A first-of-its-kind culinary course that is focused on teaching sustainable ways of cooking and eating opened for applications last week at the University of West London in Ealing.
Ben Christopherson, a UWL lecturer, food expert and former pastry chef, will run the new BSc (Hons) in Future Food and Culinary Management with the aim of creating a cohort of future chefs that understand how to cook more sustainably.
Christopherson said: “Our relationship with food is so damaging to the planet. Even small changes can have a huge impact so we want to look at how we will be eating and how food will evolve in the next few years, and how we can support these trends responsibly.”
From creating plant-based menus and learning how to source food responsibly, to following new eating trends that won’t harm the planet, the course aims to train students to develop a sustainable mind-set when it comes to cooking and eating, which will set them up for success in a rapidly changing part of the food sector.
As part of the BSc, students will also be able to take part in one of the first plant-based pastry courses to be on offer in the UK.
Christopherson added: “The whole industry is changing, meat consumption has reduced massively and the rise in plant-based eating is being supported by some of the biggest global manufacturers and restaurants.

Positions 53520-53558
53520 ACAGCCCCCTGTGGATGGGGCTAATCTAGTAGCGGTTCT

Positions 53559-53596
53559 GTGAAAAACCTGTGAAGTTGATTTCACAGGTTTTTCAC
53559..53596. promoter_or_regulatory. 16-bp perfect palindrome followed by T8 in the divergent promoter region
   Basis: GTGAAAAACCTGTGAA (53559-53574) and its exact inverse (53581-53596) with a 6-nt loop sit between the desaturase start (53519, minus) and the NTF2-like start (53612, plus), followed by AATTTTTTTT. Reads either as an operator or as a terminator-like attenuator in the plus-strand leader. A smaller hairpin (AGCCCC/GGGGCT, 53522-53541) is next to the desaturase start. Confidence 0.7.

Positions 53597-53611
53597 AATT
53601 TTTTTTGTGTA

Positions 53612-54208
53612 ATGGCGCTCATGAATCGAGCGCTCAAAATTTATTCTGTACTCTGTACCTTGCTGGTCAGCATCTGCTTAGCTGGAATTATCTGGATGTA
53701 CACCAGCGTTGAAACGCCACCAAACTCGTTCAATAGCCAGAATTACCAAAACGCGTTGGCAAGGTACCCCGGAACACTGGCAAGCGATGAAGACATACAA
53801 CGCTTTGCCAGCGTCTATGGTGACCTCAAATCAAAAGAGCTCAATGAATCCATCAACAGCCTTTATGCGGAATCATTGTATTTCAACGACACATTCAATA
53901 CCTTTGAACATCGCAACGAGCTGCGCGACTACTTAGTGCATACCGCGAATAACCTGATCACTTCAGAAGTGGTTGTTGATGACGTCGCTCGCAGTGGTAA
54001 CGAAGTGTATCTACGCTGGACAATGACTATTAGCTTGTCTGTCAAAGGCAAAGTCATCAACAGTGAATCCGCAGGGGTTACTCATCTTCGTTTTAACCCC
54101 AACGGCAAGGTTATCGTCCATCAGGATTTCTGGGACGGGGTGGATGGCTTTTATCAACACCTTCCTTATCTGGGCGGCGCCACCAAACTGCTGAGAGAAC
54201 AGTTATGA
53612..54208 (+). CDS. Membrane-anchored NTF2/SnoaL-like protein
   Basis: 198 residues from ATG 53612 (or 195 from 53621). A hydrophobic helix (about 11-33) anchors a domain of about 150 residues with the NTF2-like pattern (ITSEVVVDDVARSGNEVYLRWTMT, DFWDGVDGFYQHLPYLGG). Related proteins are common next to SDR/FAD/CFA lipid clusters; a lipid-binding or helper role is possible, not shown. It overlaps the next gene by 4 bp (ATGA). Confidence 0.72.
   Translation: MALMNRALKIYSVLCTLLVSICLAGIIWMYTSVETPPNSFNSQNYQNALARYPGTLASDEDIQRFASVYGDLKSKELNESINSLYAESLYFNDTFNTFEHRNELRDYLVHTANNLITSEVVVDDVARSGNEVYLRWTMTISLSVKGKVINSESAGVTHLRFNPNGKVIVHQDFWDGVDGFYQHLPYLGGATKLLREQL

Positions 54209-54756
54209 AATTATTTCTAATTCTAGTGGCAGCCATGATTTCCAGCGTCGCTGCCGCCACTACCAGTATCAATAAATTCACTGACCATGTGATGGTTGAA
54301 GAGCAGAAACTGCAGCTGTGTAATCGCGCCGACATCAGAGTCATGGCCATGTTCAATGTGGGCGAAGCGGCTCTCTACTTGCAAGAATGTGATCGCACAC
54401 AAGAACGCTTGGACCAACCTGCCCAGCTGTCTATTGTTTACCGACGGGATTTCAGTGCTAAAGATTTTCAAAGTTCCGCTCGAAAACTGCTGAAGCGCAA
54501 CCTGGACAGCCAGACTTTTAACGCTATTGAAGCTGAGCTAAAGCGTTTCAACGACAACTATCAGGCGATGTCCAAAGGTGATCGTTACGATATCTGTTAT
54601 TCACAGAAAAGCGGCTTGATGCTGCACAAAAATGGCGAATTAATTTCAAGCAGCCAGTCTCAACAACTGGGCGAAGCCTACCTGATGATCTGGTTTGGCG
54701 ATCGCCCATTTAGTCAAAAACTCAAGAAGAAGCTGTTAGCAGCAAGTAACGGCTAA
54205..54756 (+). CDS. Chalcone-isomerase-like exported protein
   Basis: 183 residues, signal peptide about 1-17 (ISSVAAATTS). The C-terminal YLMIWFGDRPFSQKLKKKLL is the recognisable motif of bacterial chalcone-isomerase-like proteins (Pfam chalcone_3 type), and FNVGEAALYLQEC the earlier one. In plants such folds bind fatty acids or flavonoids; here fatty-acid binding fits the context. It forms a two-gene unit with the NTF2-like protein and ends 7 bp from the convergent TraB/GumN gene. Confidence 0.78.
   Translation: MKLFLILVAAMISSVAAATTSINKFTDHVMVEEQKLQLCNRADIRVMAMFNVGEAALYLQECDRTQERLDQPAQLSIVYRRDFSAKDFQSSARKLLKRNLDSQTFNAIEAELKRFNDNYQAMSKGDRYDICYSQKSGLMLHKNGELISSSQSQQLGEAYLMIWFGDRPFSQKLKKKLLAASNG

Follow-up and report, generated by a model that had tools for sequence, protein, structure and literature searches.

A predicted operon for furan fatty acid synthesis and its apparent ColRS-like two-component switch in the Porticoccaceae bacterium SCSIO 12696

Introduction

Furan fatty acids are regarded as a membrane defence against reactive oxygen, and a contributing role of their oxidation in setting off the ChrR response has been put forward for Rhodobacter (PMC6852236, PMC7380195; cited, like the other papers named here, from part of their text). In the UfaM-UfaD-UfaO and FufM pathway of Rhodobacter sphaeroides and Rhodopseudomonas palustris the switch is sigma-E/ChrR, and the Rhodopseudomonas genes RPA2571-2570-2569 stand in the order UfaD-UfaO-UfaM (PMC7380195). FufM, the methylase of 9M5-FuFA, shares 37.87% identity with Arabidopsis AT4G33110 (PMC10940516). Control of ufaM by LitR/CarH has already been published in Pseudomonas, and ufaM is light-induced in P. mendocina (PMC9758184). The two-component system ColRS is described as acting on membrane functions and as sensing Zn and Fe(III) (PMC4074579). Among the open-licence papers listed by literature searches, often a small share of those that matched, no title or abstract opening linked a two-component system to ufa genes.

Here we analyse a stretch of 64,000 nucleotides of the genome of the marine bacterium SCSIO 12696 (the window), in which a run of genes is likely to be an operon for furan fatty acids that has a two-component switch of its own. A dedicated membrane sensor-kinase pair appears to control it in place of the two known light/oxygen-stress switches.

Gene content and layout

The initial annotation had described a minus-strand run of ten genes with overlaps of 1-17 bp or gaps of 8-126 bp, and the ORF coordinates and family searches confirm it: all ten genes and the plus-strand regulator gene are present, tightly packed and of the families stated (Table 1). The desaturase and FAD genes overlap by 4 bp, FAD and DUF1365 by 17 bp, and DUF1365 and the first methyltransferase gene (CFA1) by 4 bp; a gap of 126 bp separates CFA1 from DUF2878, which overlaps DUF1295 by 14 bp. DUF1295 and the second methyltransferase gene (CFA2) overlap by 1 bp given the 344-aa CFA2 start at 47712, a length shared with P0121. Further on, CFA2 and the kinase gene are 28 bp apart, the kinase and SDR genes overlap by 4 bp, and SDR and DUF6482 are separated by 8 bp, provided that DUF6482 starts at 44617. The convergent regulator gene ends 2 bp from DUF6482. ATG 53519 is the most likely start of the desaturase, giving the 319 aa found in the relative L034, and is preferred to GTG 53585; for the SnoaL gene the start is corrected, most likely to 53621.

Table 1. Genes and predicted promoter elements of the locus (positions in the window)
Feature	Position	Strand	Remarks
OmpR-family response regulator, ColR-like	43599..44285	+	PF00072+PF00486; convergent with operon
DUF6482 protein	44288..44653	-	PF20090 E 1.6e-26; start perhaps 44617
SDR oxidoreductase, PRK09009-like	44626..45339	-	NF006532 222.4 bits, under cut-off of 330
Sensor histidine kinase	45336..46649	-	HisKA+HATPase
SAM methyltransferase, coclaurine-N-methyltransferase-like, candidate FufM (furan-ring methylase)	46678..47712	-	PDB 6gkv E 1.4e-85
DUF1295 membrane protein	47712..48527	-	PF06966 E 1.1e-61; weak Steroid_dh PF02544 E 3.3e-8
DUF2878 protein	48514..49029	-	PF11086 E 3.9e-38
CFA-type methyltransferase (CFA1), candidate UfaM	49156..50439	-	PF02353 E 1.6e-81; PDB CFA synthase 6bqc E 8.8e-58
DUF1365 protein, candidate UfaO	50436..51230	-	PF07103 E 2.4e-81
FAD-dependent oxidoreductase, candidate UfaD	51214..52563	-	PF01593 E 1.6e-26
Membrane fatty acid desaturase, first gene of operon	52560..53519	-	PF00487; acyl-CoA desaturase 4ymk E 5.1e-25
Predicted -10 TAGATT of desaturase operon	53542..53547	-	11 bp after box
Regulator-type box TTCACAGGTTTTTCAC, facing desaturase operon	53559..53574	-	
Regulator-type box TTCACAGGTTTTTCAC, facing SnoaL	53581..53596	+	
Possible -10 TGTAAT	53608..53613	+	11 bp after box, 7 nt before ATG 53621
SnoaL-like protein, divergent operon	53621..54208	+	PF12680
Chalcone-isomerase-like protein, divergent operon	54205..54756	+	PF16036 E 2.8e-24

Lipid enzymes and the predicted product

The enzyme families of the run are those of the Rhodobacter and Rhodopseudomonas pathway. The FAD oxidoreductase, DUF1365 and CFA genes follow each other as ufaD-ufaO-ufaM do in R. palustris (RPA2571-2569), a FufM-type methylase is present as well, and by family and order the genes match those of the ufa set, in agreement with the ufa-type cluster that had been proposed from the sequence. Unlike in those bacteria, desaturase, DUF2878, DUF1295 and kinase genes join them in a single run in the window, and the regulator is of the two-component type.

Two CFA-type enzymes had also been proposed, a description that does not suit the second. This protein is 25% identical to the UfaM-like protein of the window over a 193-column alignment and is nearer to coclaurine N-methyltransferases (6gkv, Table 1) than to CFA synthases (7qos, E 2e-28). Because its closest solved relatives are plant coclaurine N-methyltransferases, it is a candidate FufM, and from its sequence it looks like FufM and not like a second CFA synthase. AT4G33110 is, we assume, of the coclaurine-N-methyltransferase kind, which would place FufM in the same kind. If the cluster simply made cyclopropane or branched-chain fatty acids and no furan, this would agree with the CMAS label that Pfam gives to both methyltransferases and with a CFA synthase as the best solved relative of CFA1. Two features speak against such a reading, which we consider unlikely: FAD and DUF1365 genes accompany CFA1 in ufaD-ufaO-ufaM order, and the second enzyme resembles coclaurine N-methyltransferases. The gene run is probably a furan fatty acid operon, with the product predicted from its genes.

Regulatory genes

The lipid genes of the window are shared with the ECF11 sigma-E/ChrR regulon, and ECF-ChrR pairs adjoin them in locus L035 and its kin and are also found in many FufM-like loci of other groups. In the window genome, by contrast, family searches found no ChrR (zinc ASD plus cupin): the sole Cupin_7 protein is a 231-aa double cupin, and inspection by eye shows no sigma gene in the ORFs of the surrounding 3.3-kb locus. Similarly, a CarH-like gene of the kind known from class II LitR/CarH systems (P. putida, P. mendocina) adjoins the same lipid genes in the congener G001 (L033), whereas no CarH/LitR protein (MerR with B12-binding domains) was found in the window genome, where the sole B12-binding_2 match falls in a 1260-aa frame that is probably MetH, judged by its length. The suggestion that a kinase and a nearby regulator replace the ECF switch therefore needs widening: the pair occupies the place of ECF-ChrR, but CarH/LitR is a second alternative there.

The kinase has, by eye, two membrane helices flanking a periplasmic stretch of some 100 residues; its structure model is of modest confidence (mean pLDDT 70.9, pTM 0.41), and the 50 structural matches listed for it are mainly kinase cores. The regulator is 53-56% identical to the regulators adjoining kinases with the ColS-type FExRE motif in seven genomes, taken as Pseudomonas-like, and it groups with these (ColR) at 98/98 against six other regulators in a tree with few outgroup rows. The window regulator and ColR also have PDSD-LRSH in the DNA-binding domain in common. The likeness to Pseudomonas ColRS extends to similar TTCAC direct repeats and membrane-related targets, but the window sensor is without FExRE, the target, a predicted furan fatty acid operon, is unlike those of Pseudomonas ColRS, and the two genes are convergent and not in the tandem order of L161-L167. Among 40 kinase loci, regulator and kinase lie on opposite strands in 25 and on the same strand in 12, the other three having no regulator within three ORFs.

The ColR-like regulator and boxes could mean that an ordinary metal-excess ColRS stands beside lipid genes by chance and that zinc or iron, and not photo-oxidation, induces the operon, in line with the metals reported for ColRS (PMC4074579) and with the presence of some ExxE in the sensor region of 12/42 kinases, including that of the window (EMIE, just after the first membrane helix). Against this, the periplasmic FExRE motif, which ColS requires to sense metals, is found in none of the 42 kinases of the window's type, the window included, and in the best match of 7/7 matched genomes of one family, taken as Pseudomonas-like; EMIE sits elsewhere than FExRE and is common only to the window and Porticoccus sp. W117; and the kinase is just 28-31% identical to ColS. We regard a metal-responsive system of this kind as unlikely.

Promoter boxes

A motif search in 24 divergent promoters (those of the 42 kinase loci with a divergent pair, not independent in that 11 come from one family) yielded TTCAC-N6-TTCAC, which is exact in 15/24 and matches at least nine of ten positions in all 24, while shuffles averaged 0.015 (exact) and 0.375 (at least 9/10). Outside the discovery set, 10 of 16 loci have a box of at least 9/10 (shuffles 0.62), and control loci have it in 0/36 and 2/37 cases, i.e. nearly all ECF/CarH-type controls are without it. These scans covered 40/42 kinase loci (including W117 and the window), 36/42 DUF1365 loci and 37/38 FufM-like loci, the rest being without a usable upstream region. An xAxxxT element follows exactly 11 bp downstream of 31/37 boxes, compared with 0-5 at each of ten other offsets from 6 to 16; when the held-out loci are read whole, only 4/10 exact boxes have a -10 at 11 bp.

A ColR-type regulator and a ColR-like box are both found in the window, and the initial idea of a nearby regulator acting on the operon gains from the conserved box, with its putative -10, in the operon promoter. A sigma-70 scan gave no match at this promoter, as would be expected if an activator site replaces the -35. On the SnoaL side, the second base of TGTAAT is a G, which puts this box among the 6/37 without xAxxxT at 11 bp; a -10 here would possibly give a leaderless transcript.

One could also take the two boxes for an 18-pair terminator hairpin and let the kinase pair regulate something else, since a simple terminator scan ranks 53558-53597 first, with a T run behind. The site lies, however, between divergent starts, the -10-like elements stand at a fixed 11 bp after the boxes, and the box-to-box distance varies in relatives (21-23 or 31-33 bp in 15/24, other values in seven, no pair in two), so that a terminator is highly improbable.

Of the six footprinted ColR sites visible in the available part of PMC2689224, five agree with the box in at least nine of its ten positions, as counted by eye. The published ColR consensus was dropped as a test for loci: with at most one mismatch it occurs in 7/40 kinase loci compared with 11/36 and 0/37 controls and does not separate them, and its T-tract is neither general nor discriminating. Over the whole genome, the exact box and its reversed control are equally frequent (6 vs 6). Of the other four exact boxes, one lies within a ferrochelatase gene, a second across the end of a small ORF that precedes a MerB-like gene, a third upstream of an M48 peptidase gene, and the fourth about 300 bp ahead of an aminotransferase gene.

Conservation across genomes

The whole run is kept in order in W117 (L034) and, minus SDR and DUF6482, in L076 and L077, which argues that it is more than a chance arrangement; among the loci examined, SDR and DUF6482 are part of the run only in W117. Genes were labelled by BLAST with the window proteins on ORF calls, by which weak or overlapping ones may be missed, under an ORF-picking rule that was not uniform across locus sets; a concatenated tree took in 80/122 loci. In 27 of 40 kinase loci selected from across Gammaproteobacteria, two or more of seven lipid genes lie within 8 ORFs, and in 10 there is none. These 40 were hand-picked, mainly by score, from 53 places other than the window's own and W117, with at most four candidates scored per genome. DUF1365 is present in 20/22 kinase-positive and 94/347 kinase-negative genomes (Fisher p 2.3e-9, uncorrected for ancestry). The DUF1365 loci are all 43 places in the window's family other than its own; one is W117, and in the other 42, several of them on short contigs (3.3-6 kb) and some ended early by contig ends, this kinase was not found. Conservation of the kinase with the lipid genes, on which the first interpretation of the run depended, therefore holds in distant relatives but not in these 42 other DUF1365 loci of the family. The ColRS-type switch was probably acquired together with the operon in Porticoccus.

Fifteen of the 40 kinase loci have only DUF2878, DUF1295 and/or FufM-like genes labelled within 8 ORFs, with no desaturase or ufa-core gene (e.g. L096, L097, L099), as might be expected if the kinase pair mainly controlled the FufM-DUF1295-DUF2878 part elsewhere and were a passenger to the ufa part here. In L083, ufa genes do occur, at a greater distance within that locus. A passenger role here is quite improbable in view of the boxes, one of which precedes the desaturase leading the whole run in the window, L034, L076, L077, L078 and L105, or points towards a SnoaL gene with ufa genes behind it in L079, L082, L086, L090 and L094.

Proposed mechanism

“We want to teach students how to respond to these foods and to have an awareness of how different ingredients work. Knowing what is sustainable and how to make the right choices in the kitchen will give them a strong future whatever they chose to cook.”
Throughout the course, students will also have the chance to learn from a range of professionals who already engage with sustainable practices in the food and hospitality sector. These opportunities will arise through the form of masterclasses, workshops, talks and competitions.
Example compulsory modules on the three-year course include ‘Introduction to Future Food and Culinary Management’, ‘Sustainable Menu Design’ and ‘Pastry Technology and Future Trends (a plant-based approach)’.
The course also offers placements in the industry to develop students’ skillsets and prospects.